A Conversation with Michael Rhodes (continued)
MR: It was so different in Nashville back then. There were those enclaves everywhere in town. There was Pic-a-Lick.
MR: And Roger Cook and all, and that bunch of guys, Tony Newman playing drums, and Spadey Brannon, and Joe Allen, you know, with Don Williams, and that whole bit over there. And there were these pockets of very intense family-bands, and teams. It was more team oriented. It was not competitive in a negative way, but everybody was just, you know, busy.
PM: It was more competitive like Motown was, it was families of people trying to outdo each other.
MR: Yeah, yeah. It was trying to one-up each other, and keeping tabs on the other guys, but everybody had their arms around one another, you know? So it was very great time to be here. The roots were deep. There was a lot of old growth that was still standing in the town at that time. Not to lament about the good old days...because, for some people, these are the good old days, too.
PM: But roots are roots. And if you were there, it's important to know.
MR: Well, I'm much more interested in and motivated by someone who knows who Lefty Frizzell is, whose history goes back at least that far, than by someone -- and I don't mean this disparagingly, but someone whose roots don't go back any further than Garth Brooks, you know?
MR: But there again, it's a different time, and a different place. And I'm not saying one's better than the other. But I feel pretty fortunate.
PM: It's funny, I know great songwriters in town whose first heroes were Kiss. They have no blues, no bluegrass, no country in their background. I mean, "What are you? Are you American?"
MR: Well, quite so, but it's more of a franchise mentality. It's the difference when people think, you know, a good Italian restaurant is the Olive Garden.
MR: It's the same kind of thing. And that's not to say anything bad about Kiss. They're great. But they are primarily a marketable commodity. It's less about the music. And that's a good analogy, because there's a lot of that mentality driving the music business. These days it's more about business than it is about music. Not to say that there isn't some great music being made. But it's having trouble finding its way through. I know that you know what a pinhole a record has to squeeze through these days to get on the radio. It's such a controlled medium now.
PM: And to squeeze through that pinhole, it takes a lot of grease.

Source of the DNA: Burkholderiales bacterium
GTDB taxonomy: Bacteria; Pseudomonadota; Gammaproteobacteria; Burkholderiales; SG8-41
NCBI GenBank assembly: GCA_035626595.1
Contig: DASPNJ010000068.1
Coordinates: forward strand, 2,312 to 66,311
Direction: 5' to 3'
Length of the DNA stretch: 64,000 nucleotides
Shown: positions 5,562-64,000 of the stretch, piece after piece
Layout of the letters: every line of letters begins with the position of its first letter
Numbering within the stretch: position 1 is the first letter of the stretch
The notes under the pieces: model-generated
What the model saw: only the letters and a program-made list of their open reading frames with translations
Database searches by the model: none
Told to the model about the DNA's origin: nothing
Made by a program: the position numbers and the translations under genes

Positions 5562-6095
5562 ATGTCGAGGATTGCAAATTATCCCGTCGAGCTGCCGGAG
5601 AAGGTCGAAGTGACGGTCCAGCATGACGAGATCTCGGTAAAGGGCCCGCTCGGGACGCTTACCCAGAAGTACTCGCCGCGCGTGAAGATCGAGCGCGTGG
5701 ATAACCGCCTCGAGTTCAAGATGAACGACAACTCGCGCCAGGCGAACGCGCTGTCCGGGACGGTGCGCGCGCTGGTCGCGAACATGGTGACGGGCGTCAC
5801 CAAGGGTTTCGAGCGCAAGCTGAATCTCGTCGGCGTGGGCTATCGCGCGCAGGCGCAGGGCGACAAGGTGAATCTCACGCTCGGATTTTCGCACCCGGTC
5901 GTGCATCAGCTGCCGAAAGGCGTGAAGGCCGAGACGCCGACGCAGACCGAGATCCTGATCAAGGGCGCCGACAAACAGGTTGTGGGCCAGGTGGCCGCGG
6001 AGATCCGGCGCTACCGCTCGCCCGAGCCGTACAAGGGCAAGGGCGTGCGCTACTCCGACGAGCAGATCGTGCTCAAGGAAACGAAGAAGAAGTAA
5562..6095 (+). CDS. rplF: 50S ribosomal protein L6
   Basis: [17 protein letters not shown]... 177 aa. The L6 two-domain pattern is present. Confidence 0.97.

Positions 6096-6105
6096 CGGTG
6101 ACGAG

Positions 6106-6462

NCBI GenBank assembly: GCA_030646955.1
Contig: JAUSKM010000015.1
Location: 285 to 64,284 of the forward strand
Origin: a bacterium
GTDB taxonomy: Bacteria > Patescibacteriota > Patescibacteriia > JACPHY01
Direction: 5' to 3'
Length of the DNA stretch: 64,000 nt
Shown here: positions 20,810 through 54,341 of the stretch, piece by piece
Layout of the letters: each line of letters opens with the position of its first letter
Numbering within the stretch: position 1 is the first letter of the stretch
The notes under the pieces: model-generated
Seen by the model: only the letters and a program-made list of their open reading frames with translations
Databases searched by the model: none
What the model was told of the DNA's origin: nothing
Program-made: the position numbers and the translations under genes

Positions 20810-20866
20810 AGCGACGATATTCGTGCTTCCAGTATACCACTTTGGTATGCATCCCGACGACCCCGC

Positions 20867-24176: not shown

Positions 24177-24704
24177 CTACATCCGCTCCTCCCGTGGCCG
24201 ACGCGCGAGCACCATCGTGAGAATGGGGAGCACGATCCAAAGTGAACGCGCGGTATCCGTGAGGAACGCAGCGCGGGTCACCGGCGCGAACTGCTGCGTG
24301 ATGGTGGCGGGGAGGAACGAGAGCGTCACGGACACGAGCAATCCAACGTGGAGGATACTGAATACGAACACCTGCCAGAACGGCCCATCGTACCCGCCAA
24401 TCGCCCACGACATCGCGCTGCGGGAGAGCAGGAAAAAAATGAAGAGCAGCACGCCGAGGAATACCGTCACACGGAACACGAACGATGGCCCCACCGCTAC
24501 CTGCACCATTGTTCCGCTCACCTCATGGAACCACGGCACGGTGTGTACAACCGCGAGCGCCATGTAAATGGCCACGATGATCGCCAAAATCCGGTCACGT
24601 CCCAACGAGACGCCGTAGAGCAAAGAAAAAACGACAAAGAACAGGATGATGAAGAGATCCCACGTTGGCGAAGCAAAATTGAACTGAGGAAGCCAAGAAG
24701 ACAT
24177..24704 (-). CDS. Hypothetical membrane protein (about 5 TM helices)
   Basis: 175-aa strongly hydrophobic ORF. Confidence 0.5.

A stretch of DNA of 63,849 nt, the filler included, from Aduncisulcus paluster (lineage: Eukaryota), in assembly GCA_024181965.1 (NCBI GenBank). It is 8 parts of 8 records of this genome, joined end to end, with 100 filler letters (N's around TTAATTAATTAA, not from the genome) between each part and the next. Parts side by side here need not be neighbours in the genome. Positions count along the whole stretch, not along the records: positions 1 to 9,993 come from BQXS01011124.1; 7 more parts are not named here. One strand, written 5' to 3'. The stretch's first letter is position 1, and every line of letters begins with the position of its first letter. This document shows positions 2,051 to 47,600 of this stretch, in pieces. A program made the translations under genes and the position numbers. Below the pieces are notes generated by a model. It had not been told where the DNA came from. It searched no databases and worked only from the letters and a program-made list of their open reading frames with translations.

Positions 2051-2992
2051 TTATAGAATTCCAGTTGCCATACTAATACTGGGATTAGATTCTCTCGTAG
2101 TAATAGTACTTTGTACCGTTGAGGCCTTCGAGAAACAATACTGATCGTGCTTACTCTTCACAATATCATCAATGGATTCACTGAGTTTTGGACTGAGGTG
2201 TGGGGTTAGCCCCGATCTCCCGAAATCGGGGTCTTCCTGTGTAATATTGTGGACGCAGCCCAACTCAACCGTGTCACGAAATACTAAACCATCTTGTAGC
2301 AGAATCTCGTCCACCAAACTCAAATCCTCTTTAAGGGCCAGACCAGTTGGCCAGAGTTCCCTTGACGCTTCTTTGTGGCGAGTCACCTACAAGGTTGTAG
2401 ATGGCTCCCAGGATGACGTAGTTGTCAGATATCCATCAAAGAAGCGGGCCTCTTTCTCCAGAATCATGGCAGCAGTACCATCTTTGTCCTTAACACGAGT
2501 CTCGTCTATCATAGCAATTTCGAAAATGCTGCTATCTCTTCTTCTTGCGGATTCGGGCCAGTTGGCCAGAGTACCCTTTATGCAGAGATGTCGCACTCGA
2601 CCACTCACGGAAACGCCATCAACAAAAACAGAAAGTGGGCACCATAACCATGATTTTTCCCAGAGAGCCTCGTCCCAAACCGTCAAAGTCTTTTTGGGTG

MR: Oh, man, it's the ultimate sonic sperm race.
MR: You got to swim hard to get out ahead of the pack and hope it takes.
PM: And you got to grease that monkey down.
MR: Man, you know. It's so hard. There's so much stuff coming out. But there it is.
PM: Pardon my backtracking, but you had started to say that along with Don Ganz, that Jim Ed Norman really helped you.
MR: Oh, Jim Ed. Eddie Bayers, a drummer here in town, who's like the brother I never had and we're tight to this day -- he and I had developed into a really, really good rhythm section from doing a lot of work together. We did hundreds and hundreds and hundreds of demos together, and just worked all day. And that's when we used to do like triple and quadruple sessions a day, you know, like we'd work from 10:00 until 10:00 at night. And later, because we were young. What else were we going to do? And it was fun, you know. So anyway, Jim Ed Norman had begun to use Eddie on some stuff. And Eddie hipped him to me, and so Jim Ed said, "Okay, I'll take a chance." And so Jim Ed used me on a Charlie Rich record, and that led to some other stuff. Jim Ed was really my first good solid account.
PM: And was that Charlie Rich record your first big record?
MR: Yeah, I'd have to say, I think it was.
PM: Do you know which of his records that was?
MR: No, I can't remember now. It had "Marie" on it, that Randy Newman tune.
PM: Oh, really? What a great song.
MR: Yeah, yeah. But anyway, then one thing just led to another.
PM: So Jim Ed became a first key account. And do you remember what that leapfrogged onto, or who else might have come into the picture at that time?
MR: Well, there was a lot of stuff going on then. I mean, it was a pretty crazy hotbed of activity at the time.
PM: And where are we, chronologically?
MR: Well, we must be around '81 to '84, somewhere. During that time I played on some little nickel and dime kind of things, and a few bigger things. Then I just continued to sort of simmer. But know this, man: some of my favorite bass players in the world were active and working in town then. There was Tommy Cogbill who was a mentor to me. God rest his soul. Tommy was heavy. He played all that early Aretha stuff, you know, produced "Sweet Caroline" for Neil Diamond, a major guy.
MR: He'd moved here from Memphis. He played on "Funky Broadway." Remember that?
PM: [laughs] Uh, yeah.
MR: So that's how heavy the cat was. Anyway, he took a liking to me. He was a great guitar player. He would play guitar on some sessions, and I would play bass. I learned a lot from him.
But all that is to say that there were some great bass players here in town, and you pretty much had to take a number and wait for something to open up and you could slide in. They were taking the bulk of work. Joe Osborn was here, and he was doing a lot of work. He was doing a lot of work for Jim Ed. Whenever Joe couldn't make it, or they needed something that was a little different sounding, then I would get a call. But I didn't really catch a break -- a record that would have really been instrumental -- so I just simmered like that for two or three years. continue